Textiles are an ever-flourishing industry with a high regard for design. Creating designs and structures for knitted, woven, non-woven or embellishments of fabrics are all a part of the textile designing process. Give it a thought, but you are surrounded with textiles at this moment. You’re wearing some form of textile now and own pillows and beds and curtains that are covered or made of some form textile. Industries from the aviation industry to the space suits also are in constant need of textiles. It is a tough decision when it comes to thinking about how a piece of cloth can be used and what it can be used for
A textile designer carves patterns, creates designs for various fabrics that are either man-made or natural. They are the brains behind the choosing of a particular fiber and which patterns are to be incorporated in which textile. The ultimate design and appearance of the fabric is a textile designer’s responsibility. Coordination with the manufacturer gives it some more depth into the whole process of textile designing.
There are various sectors where the creations of a designer are in high demand. Let’s go over a few types of textile designing techniques:
Home goods Industry
Textile designing is used in numerous industries, but the home goods industry is one where this art flourishes exponentially. The textiles in this sector are immensely demanded for. These textiles are very different from the rest. Bold textural images on your bedroom curtains or your bed sheets are what you would want to see in your bedroom and not as your clothes. So the patterns have to be very carefully decided by the textile designers, keeping in mind the difference between the patterns used for home goods and the patterns required for apparels.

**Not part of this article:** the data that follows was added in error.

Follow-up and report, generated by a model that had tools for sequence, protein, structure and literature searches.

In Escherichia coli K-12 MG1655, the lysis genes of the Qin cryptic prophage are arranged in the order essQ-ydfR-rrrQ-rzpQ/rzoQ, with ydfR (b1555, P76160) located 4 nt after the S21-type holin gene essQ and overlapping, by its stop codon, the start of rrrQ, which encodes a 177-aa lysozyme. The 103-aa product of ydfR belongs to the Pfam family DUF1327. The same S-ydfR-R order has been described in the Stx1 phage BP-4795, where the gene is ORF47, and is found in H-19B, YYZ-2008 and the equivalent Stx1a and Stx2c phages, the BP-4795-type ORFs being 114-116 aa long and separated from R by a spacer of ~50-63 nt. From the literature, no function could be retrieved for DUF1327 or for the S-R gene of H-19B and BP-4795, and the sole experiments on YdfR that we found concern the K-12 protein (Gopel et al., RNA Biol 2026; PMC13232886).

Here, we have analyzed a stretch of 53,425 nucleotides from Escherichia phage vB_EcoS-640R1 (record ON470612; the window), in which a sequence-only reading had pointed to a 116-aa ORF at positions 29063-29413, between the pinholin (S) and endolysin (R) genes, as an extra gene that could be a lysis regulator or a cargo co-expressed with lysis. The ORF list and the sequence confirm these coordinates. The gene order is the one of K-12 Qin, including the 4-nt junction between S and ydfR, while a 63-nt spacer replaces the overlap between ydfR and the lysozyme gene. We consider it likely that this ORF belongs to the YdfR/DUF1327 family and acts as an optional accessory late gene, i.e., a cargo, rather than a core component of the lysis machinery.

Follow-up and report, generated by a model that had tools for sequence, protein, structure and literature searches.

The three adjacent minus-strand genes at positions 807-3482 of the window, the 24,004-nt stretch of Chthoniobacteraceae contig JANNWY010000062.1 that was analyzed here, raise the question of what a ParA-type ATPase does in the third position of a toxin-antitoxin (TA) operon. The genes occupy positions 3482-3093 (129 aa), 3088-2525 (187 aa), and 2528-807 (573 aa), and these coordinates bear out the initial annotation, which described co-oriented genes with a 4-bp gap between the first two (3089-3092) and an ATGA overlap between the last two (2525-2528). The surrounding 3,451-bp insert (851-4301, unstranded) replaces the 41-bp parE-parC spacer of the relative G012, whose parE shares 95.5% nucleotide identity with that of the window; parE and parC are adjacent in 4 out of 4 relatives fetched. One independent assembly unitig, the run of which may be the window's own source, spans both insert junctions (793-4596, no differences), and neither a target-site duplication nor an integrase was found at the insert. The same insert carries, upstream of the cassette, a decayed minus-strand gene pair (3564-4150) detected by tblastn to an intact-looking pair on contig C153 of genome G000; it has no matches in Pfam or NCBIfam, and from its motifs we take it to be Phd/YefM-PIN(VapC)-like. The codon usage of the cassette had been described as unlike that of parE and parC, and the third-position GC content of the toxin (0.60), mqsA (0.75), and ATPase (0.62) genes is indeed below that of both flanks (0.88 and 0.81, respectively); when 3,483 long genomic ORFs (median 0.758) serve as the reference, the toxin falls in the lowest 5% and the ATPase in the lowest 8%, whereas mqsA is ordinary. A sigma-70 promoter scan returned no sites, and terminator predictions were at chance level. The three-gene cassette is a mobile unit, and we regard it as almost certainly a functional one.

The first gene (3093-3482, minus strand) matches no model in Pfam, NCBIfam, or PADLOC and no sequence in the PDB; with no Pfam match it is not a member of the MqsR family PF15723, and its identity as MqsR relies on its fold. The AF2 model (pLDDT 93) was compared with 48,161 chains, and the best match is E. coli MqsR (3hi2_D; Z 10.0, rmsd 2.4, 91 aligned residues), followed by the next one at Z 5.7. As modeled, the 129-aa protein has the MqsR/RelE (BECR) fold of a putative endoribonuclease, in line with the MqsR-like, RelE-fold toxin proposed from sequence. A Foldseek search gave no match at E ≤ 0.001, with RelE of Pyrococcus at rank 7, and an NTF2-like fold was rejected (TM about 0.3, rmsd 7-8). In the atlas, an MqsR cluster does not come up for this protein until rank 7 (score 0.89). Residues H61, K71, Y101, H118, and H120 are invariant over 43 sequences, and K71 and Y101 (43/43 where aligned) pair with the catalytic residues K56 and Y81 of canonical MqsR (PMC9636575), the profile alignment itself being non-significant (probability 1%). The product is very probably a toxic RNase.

Be it geometric patterns or retro prints, textile designs work on all these aspects when it comes to the apparel sector. This industry holds some characteristics as there is a connection developed with the end consumer. Today, the life cycles of each clothing product has drastically reduced to the standard annual collections, companies creating intermediate collections and renewing products in the retail sector. This reduction in the life cycle has stemmed from the dynamic tastes of consumers and the availability of exceptional digital prints like stock patterns. When the supply for such vividness has been outsourced in abundance, why would any fashion designer wait for the existing trend to become obsolete?
These are the two vast industries that need textile designing. There is an organic demand for these textiles and the patterns, which in turn gives a boost to the design industry too. Fashion designing, interior designing, printing and many other occupations have immense need for designer textiles. The future probably holds much more and textile designing may even enter new dimensions and new sectors that are beyond ones imagination today. With all the skills blurring to form one efficient profile, it is quite possible that we may witness new purposes for textile designing.
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